The World Health Organization (WHO) today published the new edition of its Model List of Essential Medicines which includes ground-breaking new treatments for hepatitis C, a variety of cancers and multidrug-resistant tuberculosis (TB), among others. The move opens the way to improve access to innovative medicines that show clear clinical benefits and could have enormous public health impact globally.
“When new effective medicines emerge to safely treat serious and widespread diseases, it is vital to ensure that everyone who needs them can obtain them,” says WHO director-general, Dr. Margaret Chan. “Placing them on the WHO Essential Medicines List is a first step in that direction.”
Increasingly, governments and institutions around the world are using the WHO list to guide the development of their own essential medicines lists, because they know that every medicine listed has been vetted for efficacy, safety and quality, and that there has been a comparative cost-effectiveness evaluation with other alternatives in the same class of medicines.
The list is updated every two years by an Expert Committee, made up of recognized specialists from academia, research and the medical and pharmaceutical professions. This year, the Committee underscored the urgent need to take action to promote equitable access and use of several new highly effective medicines, some of which are currently too costly even for high-income countries.
These included new medicines to treat hepatitis C, which affects about 150 million people globally, killing approximately half a million people each year, when chronic infection develops into liver cirrhosis or liver cancer. The disease is present in high- and lower-income countries alike, with higher concentrations in several middle- and low-income countries.
Until recently, treatment for the disease presented minimal therapeutic benefits and serious side effects. Five new medicines – direct acting oral antivirals – have recently come on the market transforming chronic hepatitis C from a barely manageable to a curable condition, the new medicines have few side effects and high tolerance in patients. All five products, including sofosbuvir and daclatasvir, were included in the List. But high prices currently make them unaffordable and thus inaccessible to most people who need them.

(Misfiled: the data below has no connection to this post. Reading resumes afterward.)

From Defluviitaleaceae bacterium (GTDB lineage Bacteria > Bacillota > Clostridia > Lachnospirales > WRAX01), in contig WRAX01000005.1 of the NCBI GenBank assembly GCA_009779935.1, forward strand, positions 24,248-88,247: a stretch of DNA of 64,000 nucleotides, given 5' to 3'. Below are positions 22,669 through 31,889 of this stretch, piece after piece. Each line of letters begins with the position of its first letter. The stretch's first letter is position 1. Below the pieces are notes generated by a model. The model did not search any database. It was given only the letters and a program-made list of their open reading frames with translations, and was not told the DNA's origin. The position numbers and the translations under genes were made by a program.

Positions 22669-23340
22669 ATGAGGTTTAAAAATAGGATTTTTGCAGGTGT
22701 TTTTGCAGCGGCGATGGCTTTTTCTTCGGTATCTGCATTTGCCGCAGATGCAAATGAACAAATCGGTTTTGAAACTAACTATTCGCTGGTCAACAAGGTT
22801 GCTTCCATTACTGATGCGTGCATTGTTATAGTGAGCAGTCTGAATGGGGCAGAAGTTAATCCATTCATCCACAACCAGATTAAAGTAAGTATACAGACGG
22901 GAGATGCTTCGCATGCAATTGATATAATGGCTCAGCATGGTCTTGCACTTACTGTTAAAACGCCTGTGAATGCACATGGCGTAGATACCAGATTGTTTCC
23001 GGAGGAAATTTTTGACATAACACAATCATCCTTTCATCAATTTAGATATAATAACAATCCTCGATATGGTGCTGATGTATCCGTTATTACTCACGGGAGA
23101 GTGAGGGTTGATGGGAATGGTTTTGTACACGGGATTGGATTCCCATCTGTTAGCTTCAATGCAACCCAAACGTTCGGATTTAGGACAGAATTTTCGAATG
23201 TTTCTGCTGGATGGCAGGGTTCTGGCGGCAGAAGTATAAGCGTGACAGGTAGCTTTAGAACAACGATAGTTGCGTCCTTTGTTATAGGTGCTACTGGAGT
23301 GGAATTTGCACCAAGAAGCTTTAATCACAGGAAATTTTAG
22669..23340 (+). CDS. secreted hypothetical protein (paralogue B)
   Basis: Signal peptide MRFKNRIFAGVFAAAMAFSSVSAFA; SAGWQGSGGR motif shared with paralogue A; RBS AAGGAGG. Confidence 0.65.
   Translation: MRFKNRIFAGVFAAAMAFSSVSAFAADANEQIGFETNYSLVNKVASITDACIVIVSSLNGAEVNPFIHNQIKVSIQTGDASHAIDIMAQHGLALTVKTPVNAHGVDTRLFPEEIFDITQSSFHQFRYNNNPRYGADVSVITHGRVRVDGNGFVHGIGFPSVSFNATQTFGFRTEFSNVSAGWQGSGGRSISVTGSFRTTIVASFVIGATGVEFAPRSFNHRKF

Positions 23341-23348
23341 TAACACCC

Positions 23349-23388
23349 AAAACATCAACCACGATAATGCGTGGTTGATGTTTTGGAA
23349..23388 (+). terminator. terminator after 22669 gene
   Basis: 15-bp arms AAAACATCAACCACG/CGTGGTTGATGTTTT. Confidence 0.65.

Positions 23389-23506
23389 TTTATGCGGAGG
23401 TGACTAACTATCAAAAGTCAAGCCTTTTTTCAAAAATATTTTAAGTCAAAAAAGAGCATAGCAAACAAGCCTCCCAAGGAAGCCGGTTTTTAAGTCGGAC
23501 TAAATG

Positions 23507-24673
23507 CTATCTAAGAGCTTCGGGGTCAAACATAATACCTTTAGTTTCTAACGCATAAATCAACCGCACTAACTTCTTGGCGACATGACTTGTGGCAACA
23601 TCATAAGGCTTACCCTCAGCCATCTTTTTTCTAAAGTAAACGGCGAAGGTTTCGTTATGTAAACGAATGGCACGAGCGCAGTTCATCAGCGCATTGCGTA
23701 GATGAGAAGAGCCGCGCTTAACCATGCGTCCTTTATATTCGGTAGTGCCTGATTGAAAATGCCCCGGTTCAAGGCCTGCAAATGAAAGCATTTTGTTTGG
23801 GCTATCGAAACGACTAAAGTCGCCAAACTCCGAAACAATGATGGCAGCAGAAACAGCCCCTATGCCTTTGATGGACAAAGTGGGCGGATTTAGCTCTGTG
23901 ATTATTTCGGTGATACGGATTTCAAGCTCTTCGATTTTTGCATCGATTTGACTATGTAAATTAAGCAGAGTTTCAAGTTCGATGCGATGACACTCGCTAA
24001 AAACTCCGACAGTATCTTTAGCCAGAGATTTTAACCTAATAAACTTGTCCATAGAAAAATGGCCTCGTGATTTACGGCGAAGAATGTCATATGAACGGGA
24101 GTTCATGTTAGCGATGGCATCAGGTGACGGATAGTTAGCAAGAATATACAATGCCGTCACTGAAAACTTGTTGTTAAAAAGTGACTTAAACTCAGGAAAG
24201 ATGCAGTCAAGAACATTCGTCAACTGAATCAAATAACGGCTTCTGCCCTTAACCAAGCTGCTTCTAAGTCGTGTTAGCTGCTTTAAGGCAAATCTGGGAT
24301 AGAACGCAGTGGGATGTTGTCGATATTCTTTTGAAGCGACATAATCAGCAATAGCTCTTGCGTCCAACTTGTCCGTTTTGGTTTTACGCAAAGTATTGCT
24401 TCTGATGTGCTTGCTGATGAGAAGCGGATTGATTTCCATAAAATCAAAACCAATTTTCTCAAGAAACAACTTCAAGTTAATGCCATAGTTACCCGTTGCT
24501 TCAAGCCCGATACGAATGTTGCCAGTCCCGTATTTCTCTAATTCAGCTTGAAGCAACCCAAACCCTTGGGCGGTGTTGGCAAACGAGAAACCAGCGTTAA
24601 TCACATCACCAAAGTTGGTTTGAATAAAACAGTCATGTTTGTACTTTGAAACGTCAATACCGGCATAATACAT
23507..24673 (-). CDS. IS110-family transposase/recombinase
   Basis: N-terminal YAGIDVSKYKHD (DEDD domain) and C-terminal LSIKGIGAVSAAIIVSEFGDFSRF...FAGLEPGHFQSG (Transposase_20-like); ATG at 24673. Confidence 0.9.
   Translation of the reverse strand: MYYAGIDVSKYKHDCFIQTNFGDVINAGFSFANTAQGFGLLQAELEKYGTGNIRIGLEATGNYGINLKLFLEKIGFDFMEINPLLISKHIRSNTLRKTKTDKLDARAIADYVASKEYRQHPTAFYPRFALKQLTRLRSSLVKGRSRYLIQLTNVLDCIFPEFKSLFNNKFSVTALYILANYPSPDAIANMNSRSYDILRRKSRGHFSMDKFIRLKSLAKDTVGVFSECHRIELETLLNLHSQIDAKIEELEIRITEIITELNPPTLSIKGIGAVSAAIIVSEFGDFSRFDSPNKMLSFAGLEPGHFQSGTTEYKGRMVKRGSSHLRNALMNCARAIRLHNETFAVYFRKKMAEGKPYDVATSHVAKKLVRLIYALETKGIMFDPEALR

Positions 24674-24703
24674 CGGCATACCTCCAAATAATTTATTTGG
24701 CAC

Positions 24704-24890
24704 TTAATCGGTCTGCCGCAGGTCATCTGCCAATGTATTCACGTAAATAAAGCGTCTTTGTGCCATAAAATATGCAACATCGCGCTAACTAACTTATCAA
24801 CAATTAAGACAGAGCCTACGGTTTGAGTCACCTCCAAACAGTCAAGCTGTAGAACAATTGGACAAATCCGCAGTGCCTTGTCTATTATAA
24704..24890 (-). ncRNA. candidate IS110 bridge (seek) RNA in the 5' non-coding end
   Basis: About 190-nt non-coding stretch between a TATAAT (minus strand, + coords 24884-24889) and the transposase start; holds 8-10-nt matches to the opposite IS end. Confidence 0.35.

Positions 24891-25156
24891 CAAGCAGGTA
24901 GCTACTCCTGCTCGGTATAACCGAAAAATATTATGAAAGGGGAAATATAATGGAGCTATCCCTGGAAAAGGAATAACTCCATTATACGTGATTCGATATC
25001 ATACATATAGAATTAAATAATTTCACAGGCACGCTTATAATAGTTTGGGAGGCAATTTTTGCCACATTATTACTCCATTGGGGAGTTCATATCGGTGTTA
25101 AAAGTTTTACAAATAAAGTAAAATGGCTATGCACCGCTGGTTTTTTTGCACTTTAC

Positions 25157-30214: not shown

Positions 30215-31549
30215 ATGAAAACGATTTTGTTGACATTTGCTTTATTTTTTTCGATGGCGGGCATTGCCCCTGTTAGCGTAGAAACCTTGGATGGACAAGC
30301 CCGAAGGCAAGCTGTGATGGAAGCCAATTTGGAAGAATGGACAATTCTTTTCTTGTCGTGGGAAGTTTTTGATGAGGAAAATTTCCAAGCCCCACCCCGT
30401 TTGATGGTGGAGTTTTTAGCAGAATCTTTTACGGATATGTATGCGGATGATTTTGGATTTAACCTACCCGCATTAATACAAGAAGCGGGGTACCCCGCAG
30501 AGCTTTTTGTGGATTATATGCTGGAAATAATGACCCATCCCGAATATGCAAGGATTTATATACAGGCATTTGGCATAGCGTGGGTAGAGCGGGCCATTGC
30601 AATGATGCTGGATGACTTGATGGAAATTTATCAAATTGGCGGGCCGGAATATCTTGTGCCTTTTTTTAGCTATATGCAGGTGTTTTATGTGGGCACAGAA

“Treatments for hepatitis C are evolving rapidly, with several new, highly effective and safe medicines on the market and many in the development pipeline,” says Dr. Marie-Paule Kieny, WHO assistant director-general for health systems and innovation. “While some efforts have been made to reduce their price for low-income countries, without uniform strategies to make these medicines more affordable globally the potential for public health gains will be reduced considerably.”
Cancers figure among the leading causes of illness and death worldwide, with approximately 14 million new cases and 8.2 million cancer-related deaths in 2012. The number of new cases is expected to rise by about 70 percent over the next two decades. New breakthroughs have been made in cancer treatment in the last years, which prompted WHO to revise the full cancer segment of the Essential Medicines List this year: 52 products were reviewed and 30 treatments confirmed, with 16 new medicines included in the List.
“Some of these medicines produce relevant survival benefits for cancers with high incidence, such as trastuzumab for breast cancer,” says Dr. Kees De Joncheere, WHO director of essential medicines. “Other treatment regimens for rare cancers such as leukemia and lymphoma, which can cure up to 90% of patients, were added to set a global standard.”
TB remains one of the world’s most deadly infectious diseases. In 2013, 9 million people fell ill with TB and 1.5 million died from the disease. More than 95 percent of TB deaths occur in low- and middle-income countries. After about 45 years of scarce innovation for TB medicines, five new products were included in the EML. Four of these, including bedaquiline and delamanid, target multi-drug-resistant TB.
The Committee also recommended supporting off-label uses in cases where there is clear evidence of major health benefits, though no licensed indication, such as for many medicines for children.
“The Essential Medicines List includes medicines on the basis of safety and efficacy evidence, not on the basis of approved indications within national jurisdictions or availability of licensed alternatives,” adds De Joncheere. “For example, when it reviewed the application to include ranibizumab, to treat severe eye diseases such as macular degeneration, the Committee looked at the evidence base and the price difference with bevacizumab – the medicine currently listed. The Committee agreed to maintain bevacizumab as the preferred medicine, rejecting the ranibizumab application. ”
“It is important to understand that the Essential Medicines List is the starting block and not the finishing line,” says Kieny. “Its purpose is to provide guidance for the prioritization of medicines from a clinical and public health perspective.The hard work begins with efforts to ensure that those medicines are actually available to patients.”